Trawling or dragging was introduced into Atlantic Canadian fisheries in the 1950’s and soon became the dominant method of fishing for groundfish in the region. Since its introduction, fishermen warned about its negative impacts on habitat and the productivity of the fishery. In the last decade considerable research has been conducted on the impacts of bottom tending mobile gear on habitat, including major reviews by large scientific agencies. The International Council for the Exploration of the Seas and the U.S. National Research Council both formulated similar conclusions on how to minimize impacts: 1) reduce fishing effort; 2) close areas; and 3) modify and substitute gear. Following the stock collapses and closures of many fisheries in the early 1990’s the Canadian government took steps to reduce fishing effort. In recent years, partly in response to growing concern about the impacts of dragging, the government has embarked on a program to identify and establish marine protected areas. However, the Canadian government has taken no steps to implement the third recommendation: gear substitution or modification. Public and scientific interest in deep-water corals has been a major factor in advancing efforts to investigate and conserve benthic habitat in Atlantic Canada, including the establishment of three marine protected areas (MPAs). Alongside effort reduction and MPAs, gear measures should be an equal and concurrent component of efforts to conserve benthic biodiversity and restore fisheries as the conservation benefits extend to all areas where fishing occurs.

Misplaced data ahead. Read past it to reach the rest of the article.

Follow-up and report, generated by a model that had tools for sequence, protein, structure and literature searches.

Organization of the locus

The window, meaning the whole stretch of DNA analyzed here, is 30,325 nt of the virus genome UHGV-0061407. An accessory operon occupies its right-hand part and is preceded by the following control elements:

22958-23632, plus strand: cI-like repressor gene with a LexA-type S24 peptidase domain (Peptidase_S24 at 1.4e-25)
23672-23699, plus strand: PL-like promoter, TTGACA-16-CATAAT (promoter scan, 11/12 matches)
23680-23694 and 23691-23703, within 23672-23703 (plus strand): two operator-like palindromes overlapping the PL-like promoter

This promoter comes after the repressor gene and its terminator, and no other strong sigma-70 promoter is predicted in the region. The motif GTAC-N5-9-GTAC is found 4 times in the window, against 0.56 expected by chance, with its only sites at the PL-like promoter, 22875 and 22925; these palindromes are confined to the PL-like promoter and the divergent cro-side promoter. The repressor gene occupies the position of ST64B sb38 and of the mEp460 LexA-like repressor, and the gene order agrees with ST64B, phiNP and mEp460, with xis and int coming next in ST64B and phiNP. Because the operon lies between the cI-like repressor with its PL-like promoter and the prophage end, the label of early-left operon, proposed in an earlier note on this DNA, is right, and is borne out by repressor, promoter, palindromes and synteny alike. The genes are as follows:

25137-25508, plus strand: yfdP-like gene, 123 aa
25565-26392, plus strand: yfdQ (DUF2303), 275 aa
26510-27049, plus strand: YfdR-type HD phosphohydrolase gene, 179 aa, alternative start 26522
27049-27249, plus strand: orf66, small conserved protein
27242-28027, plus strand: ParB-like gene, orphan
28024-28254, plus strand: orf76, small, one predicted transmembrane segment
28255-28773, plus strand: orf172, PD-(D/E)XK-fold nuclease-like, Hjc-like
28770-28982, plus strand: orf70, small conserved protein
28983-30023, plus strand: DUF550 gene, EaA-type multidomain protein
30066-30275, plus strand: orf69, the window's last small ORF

Article